Sweden’s paid family leave program has been largely regarded as successful and a model for other countries. Sweden’s legislation provides for 480 days of paid parental leave, at 80% of each parent’s salary. Both fathers and mothers must take at least some of those 480 days. In Sweden, such actions have improved both business outcomes and economic conditions. According to reports from Sweden’s labor departments, paid leave has increased the female workforce, in turn increasing economic growth. There is less of a disincentive to hire women, as both men and women are likely to take time off to care for children. Additionally, it addresses concerns regarding a woman’s re-entry into the labor market — in Denmark, though paid leave is provided for, fathers aren’t required to take some of the days. Thus, for women in Denmark, integration back into the labor market, and career trajectories are in part, impacted. In Sweden, this isn’t as severe of an issue, with women consistently following the same career trajectory as men.
Sweden’s welfare system in general is far more extensive than the United State’s — Japan, a mixed economic model, has other similar systems to the United States. In Japan, paid family leave is both guaranteed for fathers and mothers. The legislation was passed in order to incentivize family planning in the country, where population rates are in steep decline. In Japan, similarly to Sweden, paid family leave programs have boosted economic growth.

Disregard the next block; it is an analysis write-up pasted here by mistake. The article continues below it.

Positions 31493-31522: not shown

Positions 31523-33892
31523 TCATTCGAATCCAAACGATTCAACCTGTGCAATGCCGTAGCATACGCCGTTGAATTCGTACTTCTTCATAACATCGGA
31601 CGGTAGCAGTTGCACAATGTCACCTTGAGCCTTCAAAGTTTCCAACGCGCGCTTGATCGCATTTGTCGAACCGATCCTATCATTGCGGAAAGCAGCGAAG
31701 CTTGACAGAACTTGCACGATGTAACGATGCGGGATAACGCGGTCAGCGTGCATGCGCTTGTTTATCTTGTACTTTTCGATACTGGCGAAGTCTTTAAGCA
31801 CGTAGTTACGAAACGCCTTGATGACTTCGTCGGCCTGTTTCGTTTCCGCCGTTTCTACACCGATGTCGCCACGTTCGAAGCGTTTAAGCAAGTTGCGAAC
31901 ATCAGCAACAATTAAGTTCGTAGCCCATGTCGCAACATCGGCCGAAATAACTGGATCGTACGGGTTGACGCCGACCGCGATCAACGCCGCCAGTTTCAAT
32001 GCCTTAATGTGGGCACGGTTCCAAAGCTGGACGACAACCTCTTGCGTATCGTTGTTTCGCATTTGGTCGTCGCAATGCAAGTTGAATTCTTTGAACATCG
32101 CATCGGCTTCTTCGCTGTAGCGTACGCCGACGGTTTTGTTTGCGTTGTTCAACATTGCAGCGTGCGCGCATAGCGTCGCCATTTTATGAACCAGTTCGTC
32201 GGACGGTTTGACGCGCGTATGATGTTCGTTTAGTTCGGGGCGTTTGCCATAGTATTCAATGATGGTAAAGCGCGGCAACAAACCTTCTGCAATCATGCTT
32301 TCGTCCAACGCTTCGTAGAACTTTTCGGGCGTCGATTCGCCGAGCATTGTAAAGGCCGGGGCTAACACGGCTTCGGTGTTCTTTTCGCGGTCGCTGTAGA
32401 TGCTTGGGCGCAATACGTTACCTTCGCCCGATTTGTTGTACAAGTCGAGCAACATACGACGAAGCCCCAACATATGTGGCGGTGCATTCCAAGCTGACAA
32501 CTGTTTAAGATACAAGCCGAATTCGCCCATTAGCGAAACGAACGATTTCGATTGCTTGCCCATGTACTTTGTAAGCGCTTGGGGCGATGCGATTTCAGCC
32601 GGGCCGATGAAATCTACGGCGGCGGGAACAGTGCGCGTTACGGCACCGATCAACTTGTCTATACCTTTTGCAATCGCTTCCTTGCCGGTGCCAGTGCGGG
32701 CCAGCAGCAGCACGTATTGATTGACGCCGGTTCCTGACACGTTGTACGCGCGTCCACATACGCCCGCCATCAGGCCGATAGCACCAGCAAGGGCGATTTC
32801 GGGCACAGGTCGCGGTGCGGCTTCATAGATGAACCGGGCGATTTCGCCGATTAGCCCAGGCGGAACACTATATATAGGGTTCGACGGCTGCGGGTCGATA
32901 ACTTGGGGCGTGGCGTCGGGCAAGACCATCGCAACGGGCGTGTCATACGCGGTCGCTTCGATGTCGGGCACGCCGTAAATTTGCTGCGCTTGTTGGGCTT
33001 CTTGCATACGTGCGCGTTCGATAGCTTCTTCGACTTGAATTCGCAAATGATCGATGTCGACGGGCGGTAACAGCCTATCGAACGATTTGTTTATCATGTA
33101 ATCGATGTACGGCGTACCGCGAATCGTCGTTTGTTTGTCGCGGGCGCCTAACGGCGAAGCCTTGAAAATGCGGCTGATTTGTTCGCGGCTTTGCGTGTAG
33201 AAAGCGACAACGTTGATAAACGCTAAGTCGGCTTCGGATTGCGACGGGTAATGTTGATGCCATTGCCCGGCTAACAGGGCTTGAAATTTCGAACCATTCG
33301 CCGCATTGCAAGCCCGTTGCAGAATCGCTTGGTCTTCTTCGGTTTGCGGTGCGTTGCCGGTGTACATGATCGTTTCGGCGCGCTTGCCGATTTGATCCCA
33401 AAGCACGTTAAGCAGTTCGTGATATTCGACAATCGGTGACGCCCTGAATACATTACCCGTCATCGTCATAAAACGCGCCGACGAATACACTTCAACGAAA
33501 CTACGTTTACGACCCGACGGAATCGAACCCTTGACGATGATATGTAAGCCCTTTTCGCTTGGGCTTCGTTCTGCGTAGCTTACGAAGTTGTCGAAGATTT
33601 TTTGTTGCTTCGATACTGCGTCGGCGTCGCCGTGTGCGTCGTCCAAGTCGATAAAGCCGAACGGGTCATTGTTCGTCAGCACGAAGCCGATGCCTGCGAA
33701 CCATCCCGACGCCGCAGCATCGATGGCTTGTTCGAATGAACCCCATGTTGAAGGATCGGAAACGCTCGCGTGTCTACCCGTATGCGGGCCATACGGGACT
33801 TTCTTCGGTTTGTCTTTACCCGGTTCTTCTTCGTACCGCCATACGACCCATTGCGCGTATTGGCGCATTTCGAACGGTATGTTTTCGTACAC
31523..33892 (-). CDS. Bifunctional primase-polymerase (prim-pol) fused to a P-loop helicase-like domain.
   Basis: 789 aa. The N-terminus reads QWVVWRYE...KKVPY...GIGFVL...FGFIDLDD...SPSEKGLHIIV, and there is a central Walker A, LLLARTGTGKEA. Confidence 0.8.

In the United States, there are far more businesses/a larger entrepreneurial presence. Thus, for many corporations, paid family leave is offered as a benefit. However, only 17% of businesses in the United States provide this service. Thus, in the United States, funding paid family leave through payroll taxes may be the best option. In California, a state that has taken measures to provide paid family leave, the tax is approximately 0.5%. Further, in the United States, paid family leave is likely to save business costs concerning turnover. Large-scale data indicates that there are no negative impacts on long-term employment and wages associated with paid family leave. Moreover, it’s likely to bridge the gap between lower-income families and wealthier families.